"[formerly] Mead Memorial Chapel at Middlebury College, Vermont" by Niranjan Arminius is licensed under CC BY-SA 4.0
In October 1912, John A. Mead, then-Governor of Vermont, gave his farewell speech to the state legislature. He addressed the problem of “our degenerates,” what he called “a class of individuals in whose mental or nervous construction there is something lacking.”
Two years later, Mead and his wife, Mary Madelia Sherman, donated $74,000 to build a new chapel at Middlebury College in Vermont, a small liberal arts college founded in 1800 and the governor’s alma mater. Per his instructions, it would bear the name “Mead Memorial Chapel.”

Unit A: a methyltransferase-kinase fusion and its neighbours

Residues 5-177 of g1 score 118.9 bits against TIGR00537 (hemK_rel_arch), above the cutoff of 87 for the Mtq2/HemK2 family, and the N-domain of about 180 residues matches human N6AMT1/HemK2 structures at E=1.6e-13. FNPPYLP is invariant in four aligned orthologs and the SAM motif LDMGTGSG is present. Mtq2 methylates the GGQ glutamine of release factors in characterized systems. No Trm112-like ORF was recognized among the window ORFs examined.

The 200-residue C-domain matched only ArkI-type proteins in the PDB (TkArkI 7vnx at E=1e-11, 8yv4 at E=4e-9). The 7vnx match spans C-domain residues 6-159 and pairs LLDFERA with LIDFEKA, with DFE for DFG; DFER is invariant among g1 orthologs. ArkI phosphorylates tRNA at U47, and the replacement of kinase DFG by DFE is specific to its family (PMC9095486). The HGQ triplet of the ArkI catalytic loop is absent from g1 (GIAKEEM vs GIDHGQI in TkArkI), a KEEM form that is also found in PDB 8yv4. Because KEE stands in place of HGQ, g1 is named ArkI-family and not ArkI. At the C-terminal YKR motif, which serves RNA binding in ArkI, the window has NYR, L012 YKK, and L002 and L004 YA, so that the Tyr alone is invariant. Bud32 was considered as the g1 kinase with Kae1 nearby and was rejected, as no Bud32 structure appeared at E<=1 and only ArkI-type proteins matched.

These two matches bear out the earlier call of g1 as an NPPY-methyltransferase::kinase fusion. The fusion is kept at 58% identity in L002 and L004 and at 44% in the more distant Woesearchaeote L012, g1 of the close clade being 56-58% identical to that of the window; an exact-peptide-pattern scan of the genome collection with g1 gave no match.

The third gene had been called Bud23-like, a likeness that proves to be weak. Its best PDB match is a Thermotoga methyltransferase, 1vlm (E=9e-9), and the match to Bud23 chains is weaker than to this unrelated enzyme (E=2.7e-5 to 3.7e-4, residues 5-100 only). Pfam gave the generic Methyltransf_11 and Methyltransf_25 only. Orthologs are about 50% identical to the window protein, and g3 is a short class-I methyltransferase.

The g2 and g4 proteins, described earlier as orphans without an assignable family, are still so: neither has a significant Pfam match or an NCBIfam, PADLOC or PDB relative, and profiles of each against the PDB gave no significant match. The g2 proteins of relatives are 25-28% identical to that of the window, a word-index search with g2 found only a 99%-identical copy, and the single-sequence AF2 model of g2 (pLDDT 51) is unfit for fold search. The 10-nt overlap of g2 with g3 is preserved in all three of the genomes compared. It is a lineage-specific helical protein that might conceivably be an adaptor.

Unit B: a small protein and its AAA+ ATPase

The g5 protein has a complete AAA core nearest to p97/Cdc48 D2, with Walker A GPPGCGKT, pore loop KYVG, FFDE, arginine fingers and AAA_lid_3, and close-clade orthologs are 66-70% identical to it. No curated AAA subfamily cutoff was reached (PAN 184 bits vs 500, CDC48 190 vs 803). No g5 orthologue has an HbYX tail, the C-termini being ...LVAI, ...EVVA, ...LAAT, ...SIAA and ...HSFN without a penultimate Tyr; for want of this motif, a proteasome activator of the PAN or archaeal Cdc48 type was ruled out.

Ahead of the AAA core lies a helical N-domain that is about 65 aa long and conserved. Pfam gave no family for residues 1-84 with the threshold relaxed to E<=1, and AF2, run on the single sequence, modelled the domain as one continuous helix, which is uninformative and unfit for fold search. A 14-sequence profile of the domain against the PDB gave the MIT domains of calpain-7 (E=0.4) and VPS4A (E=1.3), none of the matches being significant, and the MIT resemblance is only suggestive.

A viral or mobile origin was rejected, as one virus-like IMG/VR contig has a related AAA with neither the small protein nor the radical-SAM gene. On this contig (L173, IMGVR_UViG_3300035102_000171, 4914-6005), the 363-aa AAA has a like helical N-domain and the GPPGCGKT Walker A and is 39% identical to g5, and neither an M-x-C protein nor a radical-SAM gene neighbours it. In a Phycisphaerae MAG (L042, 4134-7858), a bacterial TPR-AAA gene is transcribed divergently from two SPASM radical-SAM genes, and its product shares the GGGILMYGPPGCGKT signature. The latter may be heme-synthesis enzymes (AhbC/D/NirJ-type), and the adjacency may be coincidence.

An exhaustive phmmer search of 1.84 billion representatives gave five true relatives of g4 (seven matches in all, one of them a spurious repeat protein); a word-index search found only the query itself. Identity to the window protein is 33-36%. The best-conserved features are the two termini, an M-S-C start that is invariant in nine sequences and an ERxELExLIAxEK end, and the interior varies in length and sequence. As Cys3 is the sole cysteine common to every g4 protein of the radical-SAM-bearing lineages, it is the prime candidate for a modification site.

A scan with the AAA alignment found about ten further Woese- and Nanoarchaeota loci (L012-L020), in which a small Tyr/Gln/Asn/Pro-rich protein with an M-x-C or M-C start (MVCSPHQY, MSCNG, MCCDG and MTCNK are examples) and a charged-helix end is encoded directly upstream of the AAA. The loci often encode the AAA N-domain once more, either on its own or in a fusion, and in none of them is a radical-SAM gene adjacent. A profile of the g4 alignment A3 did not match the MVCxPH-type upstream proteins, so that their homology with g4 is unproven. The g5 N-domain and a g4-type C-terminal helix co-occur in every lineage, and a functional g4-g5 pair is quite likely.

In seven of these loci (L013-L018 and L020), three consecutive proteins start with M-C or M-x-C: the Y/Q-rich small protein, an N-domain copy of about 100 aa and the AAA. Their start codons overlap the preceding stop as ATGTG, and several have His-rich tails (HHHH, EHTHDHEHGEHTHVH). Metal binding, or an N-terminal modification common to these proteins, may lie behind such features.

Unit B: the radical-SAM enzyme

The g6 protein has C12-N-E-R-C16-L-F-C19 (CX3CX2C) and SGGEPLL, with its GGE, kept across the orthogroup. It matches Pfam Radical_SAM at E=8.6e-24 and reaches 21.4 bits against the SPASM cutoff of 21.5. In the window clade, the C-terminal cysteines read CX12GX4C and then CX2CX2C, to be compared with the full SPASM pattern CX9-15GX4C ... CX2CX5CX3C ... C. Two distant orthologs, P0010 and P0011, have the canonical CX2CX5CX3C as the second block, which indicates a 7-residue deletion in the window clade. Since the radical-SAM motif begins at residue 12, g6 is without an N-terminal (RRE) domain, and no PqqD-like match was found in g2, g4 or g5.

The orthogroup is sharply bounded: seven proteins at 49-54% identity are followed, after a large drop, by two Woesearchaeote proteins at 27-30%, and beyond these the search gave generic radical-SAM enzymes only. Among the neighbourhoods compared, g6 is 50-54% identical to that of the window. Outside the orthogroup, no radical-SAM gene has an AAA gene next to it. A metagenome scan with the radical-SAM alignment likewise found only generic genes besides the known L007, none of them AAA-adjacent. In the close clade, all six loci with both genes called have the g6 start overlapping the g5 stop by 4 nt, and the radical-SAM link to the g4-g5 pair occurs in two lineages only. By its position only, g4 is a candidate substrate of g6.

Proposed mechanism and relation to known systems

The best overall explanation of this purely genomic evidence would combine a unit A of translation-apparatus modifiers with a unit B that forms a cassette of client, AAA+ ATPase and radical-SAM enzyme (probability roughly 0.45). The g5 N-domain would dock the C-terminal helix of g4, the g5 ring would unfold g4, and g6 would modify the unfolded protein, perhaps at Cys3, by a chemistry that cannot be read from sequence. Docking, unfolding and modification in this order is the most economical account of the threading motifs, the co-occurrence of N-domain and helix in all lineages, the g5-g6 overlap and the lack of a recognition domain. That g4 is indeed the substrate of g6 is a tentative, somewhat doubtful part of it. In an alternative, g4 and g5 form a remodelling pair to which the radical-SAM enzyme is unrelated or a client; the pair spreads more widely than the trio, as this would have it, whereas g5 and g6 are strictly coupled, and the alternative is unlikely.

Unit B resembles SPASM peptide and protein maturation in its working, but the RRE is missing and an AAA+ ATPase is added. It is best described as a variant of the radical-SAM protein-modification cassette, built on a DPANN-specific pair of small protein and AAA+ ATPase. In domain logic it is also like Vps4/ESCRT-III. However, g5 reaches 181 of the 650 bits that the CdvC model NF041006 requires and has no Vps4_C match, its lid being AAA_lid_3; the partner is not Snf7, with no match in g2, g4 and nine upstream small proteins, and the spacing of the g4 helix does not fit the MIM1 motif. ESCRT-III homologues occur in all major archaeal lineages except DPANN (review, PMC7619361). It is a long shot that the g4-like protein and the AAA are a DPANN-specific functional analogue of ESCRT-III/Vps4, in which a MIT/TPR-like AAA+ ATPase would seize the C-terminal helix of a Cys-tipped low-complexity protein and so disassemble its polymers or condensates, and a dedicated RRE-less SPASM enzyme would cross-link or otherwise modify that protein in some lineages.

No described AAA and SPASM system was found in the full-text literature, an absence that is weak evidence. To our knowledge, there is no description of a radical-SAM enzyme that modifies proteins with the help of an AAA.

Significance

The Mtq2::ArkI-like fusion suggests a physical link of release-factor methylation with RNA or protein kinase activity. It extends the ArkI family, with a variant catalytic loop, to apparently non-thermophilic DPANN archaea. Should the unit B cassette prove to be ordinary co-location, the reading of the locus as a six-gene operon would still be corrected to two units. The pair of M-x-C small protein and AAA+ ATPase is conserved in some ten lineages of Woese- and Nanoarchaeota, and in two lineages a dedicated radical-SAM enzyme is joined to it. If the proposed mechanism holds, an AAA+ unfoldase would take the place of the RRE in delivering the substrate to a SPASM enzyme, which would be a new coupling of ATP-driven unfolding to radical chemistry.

Standing at the highest point of the campus, the chapel imposes a commanding presence with a colonnade of marble. Inside, the wooden panels inspire the comfort of a New England gathering hall. The chapel hosts convocations, baccalaureates, weddings, and a cappella performances. Every day, the bells of the carillon chime a familiar song from atop the chapel, and the architecture itself has come to symbolize the college.
In September of 2021, Mead’s name was removed...